Served in Bermuda Police 1967 - 1997

Young P.C. John Van de Weg

We were deeply saddened to report that our good friend and former colleague, Retired Sergeant John Van de Weg passed away at the age of 73  on 23rd February  2016, at King Edward Hospital.

A native of Middlesbrough, in England, John had served in the Royal Air Force in Communications before joining the Bermuda Police on 7th July 1967.   He retired in March 1997, after 30 years of service in a variety of departments including Central Division, Prosecutions, Training School, Operations, as OIC Central Parishes, in "A" Department, and later in the newly formed Computer Section.  He had been promoted to Sergeant in September 1976 and was an exceptionally popular officer.

P.C. John Van de Weg on patrol

John was an avid sportsman who played tennis and cricket in our Police Teams, but he really excelled as a great rugby player  -  a formidable 2nd row forward - who went on to captain our Police Rugby Team at a time when it was second to none on the Island.  

By coincidence we had recently published a photo of the Police Rugby Team that won the Nicol Shield back in 1973 with John as Captain. For more information about the team and their victory against Teachers Rugby Club that year go to our "Who, Where and When" column headed "How good was this rugby team? It can be found at

Victorious Captain John Van de Weg proudly holds the
Nicol Shield in 1973 surrounded by his teammates

In 1976 John was struck down by a severe reaction to a flu vaccination which left him partially paralysed, and from which he never fully recovered despite years of treatment and rehabilitation.   For a man who had been so active on the sports field it must have been devastating for John,  but his strength of character came to the fore and he never complained about his condition. In fact, just the opposite! Fortunately he had the full support of his lovely wife, Mary who met him very shortly after she arrived in Bermuda in 1968 working as a nanny for a Bermudian family.   We understand that their first date was at the PRC.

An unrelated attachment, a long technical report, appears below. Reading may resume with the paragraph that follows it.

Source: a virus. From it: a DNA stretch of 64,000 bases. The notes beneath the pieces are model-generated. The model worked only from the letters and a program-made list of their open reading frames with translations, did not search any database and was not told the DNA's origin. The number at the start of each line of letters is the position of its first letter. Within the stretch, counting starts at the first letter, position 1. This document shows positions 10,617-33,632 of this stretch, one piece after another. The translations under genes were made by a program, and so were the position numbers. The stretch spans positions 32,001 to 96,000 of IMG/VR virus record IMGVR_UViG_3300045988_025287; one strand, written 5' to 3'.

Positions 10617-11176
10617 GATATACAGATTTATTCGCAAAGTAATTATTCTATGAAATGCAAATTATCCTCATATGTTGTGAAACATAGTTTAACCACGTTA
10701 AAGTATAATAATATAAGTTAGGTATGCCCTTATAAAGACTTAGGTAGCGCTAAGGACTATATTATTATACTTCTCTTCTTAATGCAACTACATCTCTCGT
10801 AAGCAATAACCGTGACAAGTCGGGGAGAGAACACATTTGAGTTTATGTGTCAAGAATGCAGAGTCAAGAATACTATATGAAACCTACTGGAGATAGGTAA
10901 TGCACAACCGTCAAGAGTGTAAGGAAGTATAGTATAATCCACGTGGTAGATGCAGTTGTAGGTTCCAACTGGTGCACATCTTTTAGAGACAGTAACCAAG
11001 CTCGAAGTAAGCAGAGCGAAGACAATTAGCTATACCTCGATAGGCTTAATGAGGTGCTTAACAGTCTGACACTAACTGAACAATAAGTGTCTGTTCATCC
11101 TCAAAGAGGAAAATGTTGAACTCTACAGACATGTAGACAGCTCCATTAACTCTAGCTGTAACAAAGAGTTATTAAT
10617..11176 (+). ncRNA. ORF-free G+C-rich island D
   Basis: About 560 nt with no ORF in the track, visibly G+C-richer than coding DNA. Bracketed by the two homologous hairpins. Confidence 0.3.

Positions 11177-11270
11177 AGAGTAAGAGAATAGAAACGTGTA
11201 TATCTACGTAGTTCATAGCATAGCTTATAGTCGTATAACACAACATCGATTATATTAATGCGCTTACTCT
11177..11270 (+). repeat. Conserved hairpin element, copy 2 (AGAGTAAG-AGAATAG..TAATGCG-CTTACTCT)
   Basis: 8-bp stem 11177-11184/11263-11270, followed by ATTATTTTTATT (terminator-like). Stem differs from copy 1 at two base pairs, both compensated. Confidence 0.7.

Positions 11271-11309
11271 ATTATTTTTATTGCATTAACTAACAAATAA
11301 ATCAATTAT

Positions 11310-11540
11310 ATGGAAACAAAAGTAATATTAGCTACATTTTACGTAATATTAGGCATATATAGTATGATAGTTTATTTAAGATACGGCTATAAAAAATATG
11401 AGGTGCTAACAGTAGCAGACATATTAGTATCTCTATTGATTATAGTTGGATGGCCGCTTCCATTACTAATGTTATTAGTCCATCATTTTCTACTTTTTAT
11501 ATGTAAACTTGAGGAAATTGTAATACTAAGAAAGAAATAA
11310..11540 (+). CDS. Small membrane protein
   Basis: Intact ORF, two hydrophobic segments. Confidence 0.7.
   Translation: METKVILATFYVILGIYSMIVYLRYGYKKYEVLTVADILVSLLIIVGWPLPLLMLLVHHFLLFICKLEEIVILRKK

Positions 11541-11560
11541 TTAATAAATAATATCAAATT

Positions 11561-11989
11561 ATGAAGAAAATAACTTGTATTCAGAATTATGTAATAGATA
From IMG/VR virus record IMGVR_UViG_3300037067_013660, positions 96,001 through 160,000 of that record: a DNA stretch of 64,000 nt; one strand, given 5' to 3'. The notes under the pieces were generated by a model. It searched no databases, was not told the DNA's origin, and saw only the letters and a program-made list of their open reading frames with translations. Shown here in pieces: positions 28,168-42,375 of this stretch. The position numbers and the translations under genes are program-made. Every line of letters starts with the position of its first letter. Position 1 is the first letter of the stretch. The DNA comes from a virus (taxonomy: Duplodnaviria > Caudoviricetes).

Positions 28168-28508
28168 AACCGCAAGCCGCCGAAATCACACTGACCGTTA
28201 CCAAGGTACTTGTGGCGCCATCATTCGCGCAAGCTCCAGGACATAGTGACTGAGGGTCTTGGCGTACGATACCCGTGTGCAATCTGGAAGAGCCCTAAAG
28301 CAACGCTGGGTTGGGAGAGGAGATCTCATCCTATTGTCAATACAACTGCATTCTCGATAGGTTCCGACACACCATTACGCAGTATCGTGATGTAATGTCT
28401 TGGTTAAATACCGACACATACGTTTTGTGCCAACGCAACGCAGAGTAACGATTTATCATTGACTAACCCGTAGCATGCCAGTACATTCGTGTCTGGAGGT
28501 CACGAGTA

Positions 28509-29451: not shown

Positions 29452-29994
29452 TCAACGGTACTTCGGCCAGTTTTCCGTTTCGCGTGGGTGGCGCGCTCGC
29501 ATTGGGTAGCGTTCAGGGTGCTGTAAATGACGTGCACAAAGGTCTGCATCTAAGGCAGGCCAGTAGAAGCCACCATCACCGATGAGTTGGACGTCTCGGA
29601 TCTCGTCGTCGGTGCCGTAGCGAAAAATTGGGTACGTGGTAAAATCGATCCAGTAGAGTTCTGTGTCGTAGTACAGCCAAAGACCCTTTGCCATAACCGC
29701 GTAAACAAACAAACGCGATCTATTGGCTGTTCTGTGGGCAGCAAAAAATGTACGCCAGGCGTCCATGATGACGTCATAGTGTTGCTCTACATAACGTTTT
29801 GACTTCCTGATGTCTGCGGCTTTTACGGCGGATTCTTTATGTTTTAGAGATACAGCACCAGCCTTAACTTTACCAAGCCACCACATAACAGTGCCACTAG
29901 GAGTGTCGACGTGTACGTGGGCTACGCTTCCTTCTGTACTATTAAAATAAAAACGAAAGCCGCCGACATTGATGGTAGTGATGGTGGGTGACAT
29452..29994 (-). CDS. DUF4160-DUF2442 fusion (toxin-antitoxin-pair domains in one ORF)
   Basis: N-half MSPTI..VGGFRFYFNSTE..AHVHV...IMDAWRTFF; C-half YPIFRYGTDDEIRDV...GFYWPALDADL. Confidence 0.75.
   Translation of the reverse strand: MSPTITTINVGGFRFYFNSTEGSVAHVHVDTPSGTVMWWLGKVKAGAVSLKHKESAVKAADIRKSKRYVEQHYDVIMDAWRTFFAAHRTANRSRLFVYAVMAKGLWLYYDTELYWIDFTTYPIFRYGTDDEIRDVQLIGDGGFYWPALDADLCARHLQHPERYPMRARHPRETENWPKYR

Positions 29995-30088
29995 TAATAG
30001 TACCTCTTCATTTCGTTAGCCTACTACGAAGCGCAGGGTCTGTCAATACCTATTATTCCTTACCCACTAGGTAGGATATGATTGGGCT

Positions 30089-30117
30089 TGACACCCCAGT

John and Mary were married in 1970, and they had three children, Simon, Rachel and Nicholas.

John continued his career in the Bermuda Police working for several years in Prosecutions Department and latterly in Operations in the newly formed Computer Section. 

John heads the newly formed Police Computer Section
(l-r) John Skinner, John Van de Weg, Norman Wilson and Esther Trott

John was awarded the Colonial Police Medal for Long Service and Good Conduct in July 1985. He retired from the Bermuda Police Service on 2nd March 1997 after serving for 30 years.

Sergeant John Van de Weg and his wife Mary attend Government House
for the presentation of his Long Service Medal - July 1985

Never one to stand still for a moment,  John then embarked on a second career in the Crown Prosecutions Office where he was held in the highest regard by all who worked with him.  He finally retired in 2011 at the age of 69.

John had always been a totally devoted father to his three children, supporting them in all of their endeavours and activities, and he was delighted when his son, Simon and wife Sarah  had two daughters,  Eve and Lily,  making him an extremely proud grandfather.

John may not have been able to play sports but he was a great sports fan and loved to keep up with all of his favourite teams. He was, of course, a passionate fan of England's rugby team but was also a great fan of Gareth Edwards and had great admiration for the way Wales played rugby.  He also loved to watch England's cricket team in action and being a "Tyke" through and through John would  enjoy their matches even more if the ever present Yorkshire contingent  were shining.  He always followed the Yorkshire  cricket team and would wax eloquent about the days when Len Hutton, Johnny Wardle, Brian Close and Fred Truman were in their prime.  More recently he followed the rapidly rising career of Joe Root who has already been compared to the great Sir Len Hutton.  Fellow "Tyke", Dave Garland, and John watched just about every sports film they could lay their hands on.